Role of first neocortical RNA-Operon in specification of neocortical projection neurons

Project Details

Description

Abstract: The long-term goal of this competing renewal is to understand how the previously underappreciated regulation of protein synthesis (mRNA translation) in space and time drives neuronal diversity. Neuronal diversity relies on intricate steps of functional gene expression. It has been established that spatio-temporal expression of transcription factors drive neuronal and dendritic differences. While unidentified molecular mechanisms of post- transcriptional control like mRNA translation have strong potential to drive neuronal diversity, they have been thus far understudied. mRNA translation is the final essential step in the functional gene expression. We showed in the previous funding period that regulation of this process is of the key molecular mechanisms in neocortical neuronal development. Our published and preliminary studies, supported by this grant, have led to five important discoveries. First, we described that genes associated with mRNA translation show temporal dynamics in both expression and activity during neurogenesis in developing neocortices. Second, we reported that mRNA translation and the core components of the ribosome in the neocortex ? the ?neocortical ribosome signature?? are developmentally regulated by the intrinsic Elav RNA binding proteins (RBPs). Third, we published that timed ingrowth of thalamocortical axons secrete WNT morphogen and extrinsically define temporally dynamic mRNA translation and the ribosome signature in the developing neocortex. Fourth, that both Elav RBPs and thalamocortical WNT signaling dictate identities of developing neocortical glutamatergic neurons and maturation of oligodendrocytes. Finally, we reported that prenatal deletion of an Elav RBP results in abnormal neocortical dendritogenesis and behavior. However, there are still critical gaps in our knowledge regarding how timed mRNA translation and ribosome signature dictate development of distinct neocortical glutamatergic neurons. In this proposal, we hypothesize that layer-specific ribosome signatures and RBPs dictate timed mRNA translation in distinct subpopulations of developing glutamatergic neurons, thus governing their neurite development. Therefore, we will determine (1) how RBP-defined ribosome signatures dictate mRNA translation specificity and dendrite and axon development within distinct layer specific subpopulations of neocortical glutamatergic neurons; and (2) how WNT-mediated Frizzled signaling dictates RBP-defined assembly of the neocortical layer- specific ribosome signature, mRNA translation and dendrite and axon development in distinct glutamatergic neurons. To do this, we will use an elegant combination of neuroanatomical, cellular, molecular, and genetic approaches. We have produced all of the preliminary data necessary to demonstrate feasibility of the proposed approaches. Findings from this proposal will reveal previously unrecognized molecular mechanisms of post- transcriptional control in the overall specification of neocortical glutamatergic neurons and dendrite development, which can open new avenues for treatment of neurological and neuropsychiatric disorders involving these.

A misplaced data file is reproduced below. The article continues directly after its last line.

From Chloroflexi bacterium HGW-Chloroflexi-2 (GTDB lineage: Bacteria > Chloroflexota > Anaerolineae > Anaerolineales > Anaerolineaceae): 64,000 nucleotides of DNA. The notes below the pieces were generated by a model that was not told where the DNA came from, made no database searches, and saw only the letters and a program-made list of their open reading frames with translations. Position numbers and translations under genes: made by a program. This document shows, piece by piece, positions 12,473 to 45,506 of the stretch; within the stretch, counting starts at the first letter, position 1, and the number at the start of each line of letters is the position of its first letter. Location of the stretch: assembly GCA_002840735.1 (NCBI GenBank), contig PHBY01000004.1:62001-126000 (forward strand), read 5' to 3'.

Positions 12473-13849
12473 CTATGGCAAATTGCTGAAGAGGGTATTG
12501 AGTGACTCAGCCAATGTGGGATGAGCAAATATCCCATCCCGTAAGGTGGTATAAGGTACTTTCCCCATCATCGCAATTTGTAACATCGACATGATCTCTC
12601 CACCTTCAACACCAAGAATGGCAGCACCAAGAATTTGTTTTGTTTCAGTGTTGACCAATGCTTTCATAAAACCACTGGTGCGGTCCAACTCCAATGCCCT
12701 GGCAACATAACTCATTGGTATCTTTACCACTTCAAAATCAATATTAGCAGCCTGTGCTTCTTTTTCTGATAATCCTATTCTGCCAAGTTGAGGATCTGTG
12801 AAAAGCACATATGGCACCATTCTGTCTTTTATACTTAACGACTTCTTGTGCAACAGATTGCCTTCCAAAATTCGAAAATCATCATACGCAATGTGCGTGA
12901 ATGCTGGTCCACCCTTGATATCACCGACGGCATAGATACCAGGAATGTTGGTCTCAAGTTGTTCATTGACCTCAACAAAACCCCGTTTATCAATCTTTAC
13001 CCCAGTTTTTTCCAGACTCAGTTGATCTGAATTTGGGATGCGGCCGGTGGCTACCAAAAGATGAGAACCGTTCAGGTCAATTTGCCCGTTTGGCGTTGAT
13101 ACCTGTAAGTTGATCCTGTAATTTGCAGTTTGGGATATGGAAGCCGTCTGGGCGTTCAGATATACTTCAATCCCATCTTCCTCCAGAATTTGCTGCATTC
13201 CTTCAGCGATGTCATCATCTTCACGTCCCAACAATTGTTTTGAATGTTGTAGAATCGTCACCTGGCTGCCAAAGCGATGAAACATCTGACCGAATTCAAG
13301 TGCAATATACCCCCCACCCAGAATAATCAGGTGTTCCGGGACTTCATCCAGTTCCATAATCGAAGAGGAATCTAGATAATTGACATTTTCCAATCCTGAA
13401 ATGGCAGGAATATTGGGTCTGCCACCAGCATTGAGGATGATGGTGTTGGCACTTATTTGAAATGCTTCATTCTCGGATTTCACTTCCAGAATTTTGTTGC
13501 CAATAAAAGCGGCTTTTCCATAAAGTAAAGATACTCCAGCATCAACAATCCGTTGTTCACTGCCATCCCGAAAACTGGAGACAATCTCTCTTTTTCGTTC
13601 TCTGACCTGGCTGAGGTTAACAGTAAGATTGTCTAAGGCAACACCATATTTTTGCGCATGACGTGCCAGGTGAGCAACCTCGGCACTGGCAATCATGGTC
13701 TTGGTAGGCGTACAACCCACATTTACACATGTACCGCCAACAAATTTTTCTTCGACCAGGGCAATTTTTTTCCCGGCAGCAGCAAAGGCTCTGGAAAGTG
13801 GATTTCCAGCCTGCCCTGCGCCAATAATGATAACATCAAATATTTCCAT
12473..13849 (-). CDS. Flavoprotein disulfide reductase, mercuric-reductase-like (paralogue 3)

StatusActive
Effective start/end date8/1/116/30/22

Funding

  • National Institute of Neurological Disorders and Stroke: $341,250.00
  • National Institute of Neurological Disorders and Stroke: $49,854.00
  • National Institute of Neurological Disorders and Stroke: $291,396.00
  • National Institute of Neurological Disorders and Stroke: $7,679.00
  • National Institute of Neurological Disorders and Stroke: $339,296.00
  • National Institute of Neurological Disorders and Stroke: $339,544.00
  • National Institute of Neurological Disorders and Stroke: $330,550.00
  • National Institute of Neurological Disorders and Stroke: $329,307.00
  • National Institute of Neurological Disorders and Stroke: $339,040.00
  • National Institute of Neurological Disorders and Stroke: $337,837.00

ASJC

  • Genetics
  • Molecular Biology
  • Neuroscience(all)

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